"God is our refuge and strength, a very present help in trouble" (Psalm 46:1).
Only regarding trouble does Scripture declare God as being "very" present. Of course, our Lord loves to bless us with happy, pleasant things and experiences. He is with us in those, rejoicing as we rejoice, and being glad in our gladness. "It is your Father's good pleasure to give you the kingdom" (Luke 12:32). However, God's obvious blessings do not generally bring jeopardy to our hearts and lives. Trouble does, which leads our Lord to draw especially near with His promise of help and guidance. "I will be glad and rejoice in Thy mercy: for Thou hast considered my trouble, Thou hast known my soul in adversities" (Psalm 31:7).
The challenge, of course, is that trouble often tempts us to perceive God not as being especially near, but rather as far away. The same David who affirmed his Lord as "very present" also expressed the feelings of his flesh in another Psalm: "Why standest Thou afar off, o Lord? Why hidest Thyself in times of trouble?" (Psalm 10:1). Trouble challenged David with the sense of aloneness, as it does every human being. In fact, this may constitute its greatest threat. If we do not confront the lie of being alone , we attempt to face our challenges by ourselves. For born again believers in the Lord Jesus Christ, this belies the blessed truth: "I am with you always" (Matthew 28:20). Facing difficulty apart from the remembrance of God's presence and promise of "very present help in trouble" leads down pathways of bright illumination we fail to perceive because we close our eyes of faith. "The light shineth in darkness" (John 1:5).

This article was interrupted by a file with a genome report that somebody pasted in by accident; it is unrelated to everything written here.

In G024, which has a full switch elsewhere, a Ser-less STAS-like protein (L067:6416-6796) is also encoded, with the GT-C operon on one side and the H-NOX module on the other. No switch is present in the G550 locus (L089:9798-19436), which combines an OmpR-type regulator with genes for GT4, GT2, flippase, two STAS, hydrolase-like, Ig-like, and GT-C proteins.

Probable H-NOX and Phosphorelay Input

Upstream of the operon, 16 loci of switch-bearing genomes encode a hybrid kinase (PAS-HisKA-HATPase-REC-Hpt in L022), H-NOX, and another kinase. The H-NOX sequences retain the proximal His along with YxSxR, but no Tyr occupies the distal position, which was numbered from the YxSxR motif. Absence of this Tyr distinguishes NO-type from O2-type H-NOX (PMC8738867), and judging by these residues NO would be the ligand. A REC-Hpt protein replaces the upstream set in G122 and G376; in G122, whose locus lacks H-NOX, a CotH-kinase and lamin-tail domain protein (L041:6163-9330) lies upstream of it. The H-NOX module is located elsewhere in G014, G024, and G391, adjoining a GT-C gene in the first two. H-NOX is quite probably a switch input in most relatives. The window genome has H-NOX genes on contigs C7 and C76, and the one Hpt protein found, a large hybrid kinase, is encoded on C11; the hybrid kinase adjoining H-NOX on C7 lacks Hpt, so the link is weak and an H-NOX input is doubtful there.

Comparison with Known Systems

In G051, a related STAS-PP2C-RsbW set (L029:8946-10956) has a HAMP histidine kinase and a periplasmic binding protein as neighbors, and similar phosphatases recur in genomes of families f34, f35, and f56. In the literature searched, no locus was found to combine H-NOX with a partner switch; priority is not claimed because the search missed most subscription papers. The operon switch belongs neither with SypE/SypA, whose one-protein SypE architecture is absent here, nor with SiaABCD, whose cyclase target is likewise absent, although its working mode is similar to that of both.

In recent days, I have frequently expressed, "With trouble comes opportunity." This is true, but far more to the point, "With trouble comes God." He provides a special dispensation of presence, promise, provision, and power when difficulty of any mode or measure comes our way. What might the Lord do for the trusting saint who opens eyes of faith to see Him through tears of pain, sorrow, and bewilderment? The Word of God, the Spirit of God, and the history of the church of God answer that our Heavenly Father will do much, first in our hearts to reveal His peace, and then in our circumstances and conditions to reveal how very present He is. This does not always mean deliverance from our challenge, although we rightly rejoice if it does. Sometimes it means deliverance in our challenge, that is, "the peace of God which passeth all understanding shall keep your hearts and minds through Christ Jesus" (Philippians 4:7).
We also do well to remember the price of God's presence in our trials. Long ago, the voice of a broken Heart cried out into the darkness, "My God, My God, why hast Thou forsaken Me?" (Matthew 27:46). Rather than being "very present", God the Father and God the Holy Spirit utterly abandoned God the Son as He bore Divine wrath for our sins. Very absent rather than "very present" enveloped the heart of the Lord Jesus on the cross of Calvary. In direct proportion, the promise sounds and resounds through the ages to all who trust the Savior: "I will never leave thee nor forsake thee" (Hebrews 13:5). Indeed, the greatest of all trouble came to the Lord Jesus. He faced it alone for our sakes so that when trouble comes to us, we face it with Him for the glory of God. "Very present." These are not just words. They are rather a gift freely given to us by One who knew loneliness to its utmost sense of despair. May we remember the cost whenever trouble comes our way, and affirm that the darkest valley shines with brightest light for all who will open their eyes to see.
"Yea, though I walk through the valley of the shadow of death, I will fear no evil, for Thou art with me."
Weekly Memory Verse
"And the Lord make you to increase and abound in love toward another, and toward all."
(I Thessalonians 3:12)